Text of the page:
Press Release

The European Commission's Joint Research Centre and the European Environment Agency join forces for the benefit of Europe's environment

Press Release Published 29 Sep 1999 Last modified 28 Jun 2016
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Embargoed for 29 September 1999

The European Commission's Joint Research Centre and the European Environment Agency join forces for the benefit of Europe's environment

Today, Herbert J. Allgeier, Director General of the JRC, and Domingo Jiménez Beltrán, Executive Director of the EEA, met in Ispra, Italy, and signed a new memorandum of understanding which covers scientific and technical co-operation between the two organisations on the environment. The EEA provides information of direct use for policy makers and the public, while the JRC, as a service of the European Commission, functions as a centre of scientific and technological reference for the Union.

Both Directors emphasised the importance of providing support to policy making through dedicated joint activities related to issues such as climate change, the monitoring of chemicals of concern and their effects on the environment, and the protection and recuperation of Europe's natural resources, space and land. This joining of forces will help improve the links between knowledge and decision making in responding to European and international commitments.

As part of the Kyoto agreement, in 1998, the EU committed itself to reducing by 2010 its emission levels to 8% less than levels registered in 1990. Besides enhancing the monitoring capacities, EEA-JRC co-operation will help bring to light and test developments in research and technology to face the increasing challenge of reducing greenhouse gas emissions including the required changes in production and consumption patterns.

In the area of chemicals of concern to the environment, the focus is on building up more appropriate monitoring and assessments of chemical pathways and exposures for humans and the environment.

Concerning spatial issues and those related to land, the JRC and the EEA are developing and updating mapping systems to reflect the changes in the uses of land and its main features. This is related in particular to the multifunctionality of soil, ground coverage and forestation, nature and biodiversity, the availability of space and fragmentation. This information is an important basis for ensuring a more rational use of these important environmental and socio-economic assets under great pressure.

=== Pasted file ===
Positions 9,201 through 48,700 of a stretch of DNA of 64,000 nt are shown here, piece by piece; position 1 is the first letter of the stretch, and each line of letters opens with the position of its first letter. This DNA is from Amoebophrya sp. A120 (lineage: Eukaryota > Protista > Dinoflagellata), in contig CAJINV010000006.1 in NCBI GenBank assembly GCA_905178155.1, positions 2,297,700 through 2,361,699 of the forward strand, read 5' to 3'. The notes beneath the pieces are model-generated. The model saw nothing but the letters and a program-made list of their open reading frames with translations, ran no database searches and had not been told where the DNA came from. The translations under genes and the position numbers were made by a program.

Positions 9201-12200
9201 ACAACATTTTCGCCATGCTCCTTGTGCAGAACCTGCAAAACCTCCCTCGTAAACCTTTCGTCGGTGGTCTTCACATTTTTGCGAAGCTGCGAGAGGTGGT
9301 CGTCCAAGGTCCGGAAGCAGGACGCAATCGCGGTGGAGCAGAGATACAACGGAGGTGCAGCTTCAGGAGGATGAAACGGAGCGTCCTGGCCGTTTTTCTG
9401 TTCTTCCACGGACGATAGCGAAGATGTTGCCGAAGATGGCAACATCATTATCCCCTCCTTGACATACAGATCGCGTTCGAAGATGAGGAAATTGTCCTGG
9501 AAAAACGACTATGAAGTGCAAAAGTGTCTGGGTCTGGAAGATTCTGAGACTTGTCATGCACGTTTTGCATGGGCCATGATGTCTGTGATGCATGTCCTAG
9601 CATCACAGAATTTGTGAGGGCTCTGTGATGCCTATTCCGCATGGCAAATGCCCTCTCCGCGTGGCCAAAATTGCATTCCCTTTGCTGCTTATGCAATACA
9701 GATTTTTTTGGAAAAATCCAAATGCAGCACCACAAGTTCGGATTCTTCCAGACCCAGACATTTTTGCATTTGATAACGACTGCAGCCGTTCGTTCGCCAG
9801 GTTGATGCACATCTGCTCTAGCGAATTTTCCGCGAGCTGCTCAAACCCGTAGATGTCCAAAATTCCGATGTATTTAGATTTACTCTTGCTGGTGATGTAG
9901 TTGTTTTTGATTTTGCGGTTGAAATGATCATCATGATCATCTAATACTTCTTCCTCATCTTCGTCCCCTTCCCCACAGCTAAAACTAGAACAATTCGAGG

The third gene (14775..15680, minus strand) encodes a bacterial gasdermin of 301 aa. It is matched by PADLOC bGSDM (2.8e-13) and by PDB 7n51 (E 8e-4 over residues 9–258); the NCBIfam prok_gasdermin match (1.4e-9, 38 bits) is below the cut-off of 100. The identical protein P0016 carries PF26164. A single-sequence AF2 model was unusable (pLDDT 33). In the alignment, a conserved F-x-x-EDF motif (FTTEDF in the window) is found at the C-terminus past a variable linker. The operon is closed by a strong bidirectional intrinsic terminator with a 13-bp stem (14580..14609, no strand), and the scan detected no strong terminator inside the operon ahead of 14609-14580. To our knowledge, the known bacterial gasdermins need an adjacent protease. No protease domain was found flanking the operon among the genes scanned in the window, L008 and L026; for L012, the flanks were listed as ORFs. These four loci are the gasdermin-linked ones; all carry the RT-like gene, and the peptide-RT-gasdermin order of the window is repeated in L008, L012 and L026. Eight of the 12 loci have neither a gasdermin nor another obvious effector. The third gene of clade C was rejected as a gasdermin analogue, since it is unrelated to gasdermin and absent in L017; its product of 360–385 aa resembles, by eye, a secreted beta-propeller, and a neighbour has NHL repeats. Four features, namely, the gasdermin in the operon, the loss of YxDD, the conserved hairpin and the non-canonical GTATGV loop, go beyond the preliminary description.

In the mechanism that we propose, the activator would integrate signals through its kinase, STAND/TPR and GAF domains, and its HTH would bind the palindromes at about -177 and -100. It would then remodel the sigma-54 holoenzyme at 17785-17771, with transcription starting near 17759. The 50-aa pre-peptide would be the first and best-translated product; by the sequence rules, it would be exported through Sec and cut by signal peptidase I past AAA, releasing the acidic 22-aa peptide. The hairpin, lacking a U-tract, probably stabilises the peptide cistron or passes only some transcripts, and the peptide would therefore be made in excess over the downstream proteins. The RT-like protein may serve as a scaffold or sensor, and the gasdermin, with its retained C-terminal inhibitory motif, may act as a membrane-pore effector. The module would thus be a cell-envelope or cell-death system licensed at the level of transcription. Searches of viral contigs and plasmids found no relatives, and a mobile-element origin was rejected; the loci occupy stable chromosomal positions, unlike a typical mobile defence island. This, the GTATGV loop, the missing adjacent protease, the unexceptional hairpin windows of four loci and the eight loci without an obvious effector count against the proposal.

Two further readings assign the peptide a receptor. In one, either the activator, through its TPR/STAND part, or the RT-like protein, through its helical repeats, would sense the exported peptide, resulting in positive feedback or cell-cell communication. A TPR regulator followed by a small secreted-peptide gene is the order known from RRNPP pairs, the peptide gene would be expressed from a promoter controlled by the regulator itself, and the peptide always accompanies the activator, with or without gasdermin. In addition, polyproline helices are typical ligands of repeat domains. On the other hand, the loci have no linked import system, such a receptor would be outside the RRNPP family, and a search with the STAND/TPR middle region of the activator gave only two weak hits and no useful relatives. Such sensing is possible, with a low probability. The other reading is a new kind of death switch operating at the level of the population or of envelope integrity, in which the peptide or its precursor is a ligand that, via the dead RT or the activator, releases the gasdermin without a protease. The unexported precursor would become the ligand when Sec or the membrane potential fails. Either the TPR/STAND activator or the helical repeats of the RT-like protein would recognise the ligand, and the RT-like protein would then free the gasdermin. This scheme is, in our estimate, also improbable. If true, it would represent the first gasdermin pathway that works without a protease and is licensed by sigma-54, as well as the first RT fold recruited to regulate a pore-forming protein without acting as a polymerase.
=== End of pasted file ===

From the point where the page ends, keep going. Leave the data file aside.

The JRC and the EEA will work on concrete projects in these and other areas supporting sustainable development and environmental policies. The joint work plan, to be finalised in three months, will include the development of a special dissemination programme for progress in research, technology and outlooks. With JRC's knowledge base contributing to the sound scientific basis for EEA's reporting activities, and with the development of joint products and services making research and technological developments accessible and relevant to policy makers and socio-economic agents, the two organisations aim to improve the reach of information from technical knowledge and monitoring data to policy-relevant information for the benefit of the European Community, the Member States and the international community.

This new agreement comes at a particularly significant time with the run up to the Helsinki summit in December. At this summit the European Council of Ministers are expected to discuss steps towards sustainable development and new strategies for the integration of environment into sectorial policies. This ambitious project will require a strong commitment from European organisations, and the new agreement between the JRC and EEA will directly contribute to, and support, this important task.


The European Environment Agency (EEA) was established by the European Union in October 1993 in Copenhagen, with a mandate to provide sound environmental information to those concerned with the framing and implementation of European and national environmental policy. The EEA aims to support sustainable development and to help achieve significant and measurable improvement in Europe's environment, through the provision of timely, targeted, relevant and reliable information to policy-making agents and the public. The EEA is funded by the European Union; its coverage extends beyond the EU15 countries to include Norway, Iceland and Liechtenstein. A strong co-operation also exists with the countries of Central and Eastern Europe.

The JRC is a service of the European Commission. Its mission is to provide customer-driven scientific and technical support for the conception, development, implementation and monitoring of EU policies. The JRC functions as a centre of science and technology reference for the Union. Close to the policy-making process, it serves the common interest of the Member States, while being independent of special interest, private or national.

For more information, contact:

Dr David Stanners,
Programme Manager for Integrated Assessment and Reporting
European Environment Agency,
Kongens Nytorv 6,
1050 Copenhagen K, Denmark,
tel. (+45) 33 36 71 00,
fax (+45) 33 36 71 28

Palle Haastrup,
Head, Technology Assessment Section
EC Joint Research Centre,
21020 Ispra (VA),
tel. (+39 0332) 785 562,
fax (+39 0332) 785 238


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